Tuesday, May 19, 2009

Right. That's IT.

I am sick to fucking death of the prevailing attitudes about fatherhood. If mothers are still seen as the ones firmly ensconced at home, writhing in throes of whitegood-enabled ecstacy while they slowly, blissfully euthanise their thankless, smart-arsed children with ever more powerful anti-bacterial cleaning agents, then we fathers are still firmly on the outer. Clueless, spineless morons from Mars, we are, one and all. Footballs in one hand, nutsack in the other.
Before Charlie was born,
as The Expectant Father, I received much advice and commentary . (Mele did too, but that deserves its own tetchy blog). Most of that advice was in the form of a warning about The First Poo.
"You know," my newly-self-declared mentor would intone, "the first poo a baby ever does is this black, sticky GLUEY Satanical substance, which affixes itself to everything like Intergalactic Superglue. It doesn't come off, it can't be washed out." This was usually followed by the requisite evil cackle and knowing stare, just to ensure that I was quivering on the ground in disgust and mourning for the imminent loss of my immature, boyish, care-free ways to the grim spectre of responsibility.
I, of course, did no such thing.
I'm a large fan of self-deprecation, but in this instance, I will buck my own trend and proudly claim that when that first nappy needed changing, I changed it. And moved on with my life.
One thing about my life that did not move on, however, was this larger issue of treating fathers like naughty schoolboys who need to pick up rubbish after school in order to learn some responsibility. Most of the mainstream literature I encounter (read: theage.com.au) uses the same patronising tone that pre-feminism literature did in referring to women in the workplace.
Many difficult and strange rituals will happen to you, Mr New Dad, the tone of the piece goes. We bet you didn't think you'd be expected to pick up the housework while your wife sleeps! Did you know, she'll seem exhausted all the time and probably won't even want to have sex? Didn't think of that? Did you? You stupid boy. Daring to have children, which is clearly the sacred mother's role. Tsk tsk tsk.

Think I'm joking? Think I'm overreacting?
Please, visit the Phil&Ted's website (they make fancy prams) and take a look at the way fathers are welcomed.
"Freaked Out Dads!"
If you venture further, you'll find that the website is actually directed towards fathers who actually don't seem to be looking forward to the arrival of a new child.
Don't panic, Mr Mannering! they reassure you. No need to be a prisoner of the nursery (like Mum), with our funky kit you'll still get to: See the lads; watch the footy; build the deck ...
How about get phucked Phil! You too, Ted!

I'm sick of good fathers being marvelled at and the shit ones being let off the hook.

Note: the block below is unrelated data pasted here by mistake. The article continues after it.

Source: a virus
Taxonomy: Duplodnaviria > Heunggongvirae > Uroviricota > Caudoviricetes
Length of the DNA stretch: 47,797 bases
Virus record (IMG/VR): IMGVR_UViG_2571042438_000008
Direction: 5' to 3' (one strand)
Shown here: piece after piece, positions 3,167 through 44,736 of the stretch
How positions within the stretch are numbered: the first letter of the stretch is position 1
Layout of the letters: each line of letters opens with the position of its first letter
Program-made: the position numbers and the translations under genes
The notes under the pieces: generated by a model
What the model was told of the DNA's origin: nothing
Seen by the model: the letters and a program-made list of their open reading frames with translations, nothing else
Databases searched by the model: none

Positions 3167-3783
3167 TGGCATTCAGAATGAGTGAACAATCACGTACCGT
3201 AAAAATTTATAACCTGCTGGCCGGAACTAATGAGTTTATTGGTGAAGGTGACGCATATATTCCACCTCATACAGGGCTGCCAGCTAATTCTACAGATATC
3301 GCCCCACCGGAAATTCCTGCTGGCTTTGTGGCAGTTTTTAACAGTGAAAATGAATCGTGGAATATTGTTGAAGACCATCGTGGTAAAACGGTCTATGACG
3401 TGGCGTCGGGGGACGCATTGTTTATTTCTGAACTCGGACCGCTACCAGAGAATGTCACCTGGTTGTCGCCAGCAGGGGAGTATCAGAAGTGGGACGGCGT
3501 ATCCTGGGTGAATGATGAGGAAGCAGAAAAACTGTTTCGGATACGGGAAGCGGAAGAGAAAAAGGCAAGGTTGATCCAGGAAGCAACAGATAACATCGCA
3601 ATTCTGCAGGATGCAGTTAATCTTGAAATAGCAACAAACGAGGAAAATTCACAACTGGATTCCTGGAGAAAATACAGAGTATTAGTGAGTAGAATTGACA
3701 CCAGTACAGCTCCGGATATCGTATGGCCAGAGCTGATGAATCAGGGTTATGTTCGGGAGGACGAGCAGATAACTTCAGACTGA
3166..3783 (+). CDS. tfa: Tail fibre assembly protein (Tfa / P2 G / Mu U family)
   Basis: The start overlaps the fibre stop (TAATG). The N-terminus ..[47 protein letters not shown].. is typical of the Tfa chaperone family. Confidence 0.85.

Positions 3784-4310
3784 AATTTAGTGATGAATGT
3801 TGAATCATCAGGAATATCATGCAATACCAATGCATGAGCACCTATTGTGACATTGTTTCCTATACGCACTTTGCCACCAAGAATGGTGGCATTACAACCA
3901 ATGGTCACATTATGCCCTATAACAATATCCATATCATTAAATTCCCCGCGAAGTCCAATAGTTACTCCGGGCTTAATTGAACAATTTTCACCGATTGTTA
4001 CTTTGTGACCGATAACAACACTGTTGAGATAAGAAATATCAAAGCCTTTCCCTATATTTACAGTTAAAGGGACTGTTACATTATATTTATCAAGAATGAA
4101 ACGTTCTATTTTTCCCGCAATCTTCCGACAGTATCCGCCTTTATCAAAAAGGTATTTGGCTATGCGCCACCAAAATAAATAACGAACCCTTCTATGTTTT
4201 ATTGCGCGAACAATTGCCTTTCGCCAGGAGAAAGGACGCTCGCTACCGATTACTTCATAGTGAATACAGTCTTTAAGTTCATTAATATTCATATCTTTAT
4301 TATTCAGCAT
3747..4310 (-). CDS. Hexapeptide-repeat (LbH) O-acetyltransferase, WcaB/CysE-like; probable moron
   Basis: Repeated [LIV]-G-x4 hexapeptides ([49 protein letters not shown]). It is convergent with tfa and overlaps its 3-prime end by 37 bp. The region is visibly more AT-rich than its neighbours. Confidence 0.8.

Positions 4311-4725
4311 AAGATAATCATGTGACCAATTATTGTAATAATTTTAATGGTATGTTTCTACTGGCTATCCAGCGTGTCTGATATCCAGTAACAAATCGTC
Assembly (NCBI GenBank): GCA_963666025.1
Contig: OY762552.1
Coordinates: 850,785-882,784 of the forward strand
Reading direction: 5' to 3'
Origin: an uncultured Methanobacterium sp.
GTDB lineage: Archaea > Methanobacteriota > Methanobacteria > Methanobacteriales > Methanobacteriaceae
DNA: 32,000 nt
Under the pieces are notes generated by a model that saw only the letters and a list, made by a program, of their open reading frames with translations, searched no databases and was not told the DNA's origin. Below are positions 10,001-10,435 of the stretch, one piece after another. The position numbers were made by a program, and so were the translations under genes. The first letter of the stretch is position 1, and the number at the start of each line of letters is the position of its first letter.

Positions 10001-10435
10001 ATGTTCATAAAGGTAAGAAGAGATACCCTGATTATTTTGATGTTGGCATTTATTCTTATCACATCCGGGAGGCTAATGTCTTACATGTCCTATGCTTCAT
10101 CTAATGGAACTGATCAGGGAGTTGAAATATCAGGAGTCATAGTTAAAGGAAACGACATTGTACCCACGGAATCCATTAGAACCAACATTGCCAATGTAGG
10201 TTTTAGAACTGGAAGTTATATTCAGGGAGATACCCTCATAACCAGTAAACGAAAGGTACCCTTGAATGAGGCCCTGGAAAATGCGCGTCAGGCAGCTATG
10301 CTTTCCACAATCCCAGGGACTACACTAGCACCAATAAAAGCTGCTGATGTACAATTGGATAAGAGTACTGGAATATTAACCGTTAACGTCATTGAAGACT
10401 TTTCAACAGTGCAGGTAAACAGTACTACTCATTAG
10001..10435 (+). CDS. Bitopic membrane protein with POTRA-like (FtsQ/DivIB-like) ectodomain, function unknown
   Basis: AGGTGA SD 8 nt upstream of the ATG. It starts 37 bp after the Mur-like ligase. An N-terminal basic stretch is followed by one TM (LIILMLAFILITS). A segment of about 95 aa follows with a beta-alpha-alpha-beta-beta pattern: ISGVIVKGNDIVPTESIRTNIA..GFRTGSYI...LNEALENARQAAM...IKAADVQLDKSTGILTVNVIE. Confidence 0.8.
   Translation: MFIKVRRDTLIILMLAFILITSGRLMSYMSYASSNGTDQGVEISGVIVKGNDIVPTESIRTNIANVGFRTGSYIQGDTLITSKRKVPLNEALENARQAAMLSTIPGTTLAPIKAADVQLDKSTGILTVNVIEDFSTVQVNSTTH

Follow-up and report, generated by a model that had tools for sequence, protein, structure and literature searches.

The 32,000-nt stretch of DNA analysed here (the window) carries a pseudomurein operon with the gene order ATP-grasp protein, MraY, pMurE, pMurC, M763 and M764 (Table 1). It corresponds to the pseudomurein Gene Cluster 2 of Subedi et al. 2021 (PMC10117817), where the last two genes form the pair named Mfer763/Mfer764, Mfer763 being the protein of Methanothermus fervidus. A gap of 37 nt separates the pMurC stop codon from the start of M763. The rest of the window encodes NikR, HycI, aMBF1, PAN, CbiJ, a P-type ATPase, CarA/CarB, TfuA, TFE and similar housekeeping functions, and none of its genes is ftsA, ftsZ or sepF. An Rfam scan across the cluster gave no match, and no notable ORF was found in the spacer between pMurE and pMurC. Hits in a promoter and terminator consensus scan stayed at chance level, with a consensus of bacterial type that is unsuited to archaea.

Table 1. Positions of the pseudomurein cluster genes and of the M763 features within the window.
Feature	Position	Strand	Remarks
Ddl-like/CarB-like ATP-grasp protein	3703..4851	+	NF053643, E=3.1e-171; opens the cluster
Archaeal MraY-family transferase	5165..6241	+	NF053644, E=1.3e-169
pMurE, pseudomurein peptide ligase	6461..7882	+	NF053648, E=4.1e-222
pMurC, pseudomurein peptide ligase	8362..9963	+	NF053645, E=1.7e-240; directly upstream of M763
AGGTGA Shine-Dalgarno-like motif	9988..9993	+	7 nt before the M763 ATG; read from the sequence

GTH - Andy Pants, you cherry-picker, you. Nice work. I was thinking red roses and passionate storm clouds, but I liked yours better.


  1. Do they have a model of pram that allows you to push it with one hand, while you hold a hockey stick in the other hand, as you tear down the wing on your way to delicious goal scoring glory? (What a fine father-son bonding moment that would be too!! And less premature than a purchase at my LINK)

  2. You tell it, Sam. Reaching back to days of yore, the one that enraged me was the description of what I was doing when taking my baby son shopping with me as baby-sitting!

  3. You're so frickin' right. That meconium poo is over in one go and is quite literally the least taxing thing about parenthood. Having to endure six weeks of continuous bleeding and stitches that became infected kind of negated having to deal with just the one instance of black shit emerging from the baby in my own experience.

    Love Chunks worked four days so that he could have Fridays at home with Sapphire until she started school and got more than his fair share of positive feedback from ladies of all ages. "Aren't you a wonderful father for having a day a week off?" etc. Instead of trying to explain (as you have done, so beautifully), he'd just smile, keep the pram rolling and move on. He once said to me, "The last thing I'm going to admit when given such glowing admiration is that I LOVE Fridays and look forward to showing Sapph how to make a horse out of a tissue box and bog rolls more than discussing the latest isobar chart!"

    In hindsight I can now appreciate how wise he was to NOT read any articles, books or websites on fatherhood, he just did what he wanted to do and Sapph thrived because of it.

    So yeah, enjoy being considered a domestic doofus but reap the rewards of just being seen out wheeling a pram. Sometimes ya just gotta take the strokes when you can :)

  4. GTH - your father dealing out what you thought was a 'fun game' but for him was a valid form of stress release after you'd inserted your unwanted fish fingers into the VCR slot....?

  5. Phil and ted? If only bill and ted made prams. Excellent!

    Send me some new pictures of little charlie would you?

  6. TOoS - I see you've been following the Cows rather closely, as I have already scored my first goal as father and dedicated to it too Charlie!

    Jono - That still happens! I'm actually planning a blog on the amazing similarities between living as a celebrity in public and being a man carrying a baby around. People stop and stare. Some of them stop you and stare.

    Kath - Sorry mate, I'm not going to enjoy being considered a doofus as a trade off happiness I feel anyway. I love being a dad, but I hate the high level of patronising shit that surrounds it - especially when it seems so unfounded, just from personal experience.